Inslee still acting like a “player on the field”
Unfortunately, two years later, little has changed. During the 2015 legislative session, Inslee set a highly partisan tone and made a series of ridiculous demands. At the start of the budget talks, Inslee went so far as to threaten to veto any budget that does not raise $1 billion or more in taxes. Inslee has utterly failed to put aside his partisan interests and agenda. He has failed to lead.
Inslee made matters worse when, while calling for a special session, decided to inject hyper-partisan subject matter into an already highly partisan debate: his extreme green agenda. He demanded lawmakers place his environmental policies on the special session agenda. Specifically, Inslee called on lawmakers to renew their consideration of his cap-and-tax proposal—even after his fellow Democrats rejected the scheme (though in an under-handed way.)
Making matters worse, Jay Inslee—along with Democrat House Speaker Frank Chopp—is more than willing to play D.C.-style games at the people’s expense. The state government will shut down if a budget is not passed and signed into law by the end of June. Yet, Inslee and Chopp appear unconcerned over the prospect. In fact, Democrats have signaled that they preparing messaging strategies for the purpose of shifting the blame for a shutdown on Republicans.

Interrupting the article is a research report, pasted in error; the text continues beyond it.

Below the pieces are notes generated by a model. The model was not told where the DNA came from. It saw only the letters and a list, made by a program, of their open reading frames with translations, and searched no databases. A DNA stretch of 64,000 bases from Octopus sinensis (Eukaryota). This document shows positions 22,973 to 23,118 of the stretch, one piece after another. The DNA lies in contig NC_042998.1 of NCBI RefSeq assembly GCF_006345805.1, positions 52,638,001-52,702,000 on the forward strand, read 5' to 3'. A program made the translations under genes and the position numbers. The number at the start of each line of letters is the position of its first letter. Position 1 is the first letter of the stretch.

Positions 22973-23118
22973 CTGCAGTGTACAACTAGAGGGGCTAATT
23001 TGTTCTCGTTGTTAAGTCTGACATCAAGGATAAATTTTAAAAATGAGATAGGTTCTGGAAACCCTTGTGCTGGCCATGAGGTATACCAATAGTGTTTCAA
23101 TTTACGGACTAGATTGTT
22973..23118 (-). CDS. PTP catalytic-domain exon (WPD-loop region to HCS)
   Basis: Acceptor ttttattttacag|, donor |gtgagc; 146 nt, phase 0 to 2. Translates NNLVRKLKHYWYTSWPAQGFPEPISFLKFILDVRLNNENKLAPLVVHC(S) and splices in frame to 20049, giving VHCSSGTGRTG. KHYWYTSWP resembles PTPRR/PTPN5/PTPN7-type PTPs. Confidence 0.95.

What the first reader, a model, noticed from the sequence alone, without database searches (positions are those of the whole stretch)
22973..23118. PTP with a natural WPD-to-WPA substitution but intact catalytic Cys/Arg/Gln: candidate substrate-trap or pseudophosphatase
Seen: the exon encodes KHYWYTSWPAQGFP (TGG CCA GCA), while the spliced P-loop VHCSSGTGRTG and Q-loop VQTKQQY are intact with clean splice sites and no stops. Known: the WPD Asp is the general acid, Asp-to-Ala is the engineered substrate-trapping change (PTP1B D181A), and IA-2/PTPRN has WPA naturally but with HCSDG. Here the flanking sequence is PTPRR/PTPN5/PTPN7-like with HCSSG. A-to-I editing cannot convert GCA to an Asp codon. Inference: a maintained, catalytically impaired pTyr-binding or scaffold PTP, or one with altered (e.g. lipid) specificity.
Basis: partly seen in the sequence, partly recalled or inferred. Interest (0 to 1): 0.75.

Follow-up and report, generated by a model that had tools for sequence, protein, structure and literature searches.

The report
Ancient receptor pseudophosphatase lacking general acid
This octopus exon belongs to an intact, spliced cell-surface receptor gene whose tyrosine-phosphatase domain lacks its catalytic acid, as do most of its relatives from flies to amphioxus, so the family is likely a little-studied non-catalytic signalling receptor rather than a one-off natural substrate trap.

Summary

On the other hand, Senate Republicans are more than aware of the urgency of completing the responsibilities before them. Senate Majority Leader Mark Schoesler recently called for a May 15 wrap-up of the special session, citing school district’s mid-May budget submission deadline and the possibility of a state government shutdown. Whether or not that will actually happen is entirely up to Inslee and Chopp. Democrats must prioritize their constituents, not special interests, and realize that they must work with Senate Republicans.
It’s past time for Inslee to drop decisive approach
In order for the special session to adjourn without delay, Inslee must—as the Seattle Times advised—do his part to find the middle ground. He must stop adding to the already high tensions and help move negotiations forward by looking at what is happening from an objective perspective. That means calling for House Democrats to present a balanced budget by voting on their taxes. If they can’t pass their taxes, then Chopp and his budget writers need to develop a budget plan that meets the revenue the state is projected to have – which is $3 billion more than in the current budget.
It is vital, for the sake of the completely the people’s urgent business, that Inslee drop his own partisan agenda. He must focus on passing a budget and transportation package by calling on House Democrats to do their jobs.
Inslee thinks he is a “player on the field,” and he has acted like the partisan player he was in Congress for 15 years. It’s time for him to do his job and act like a referee.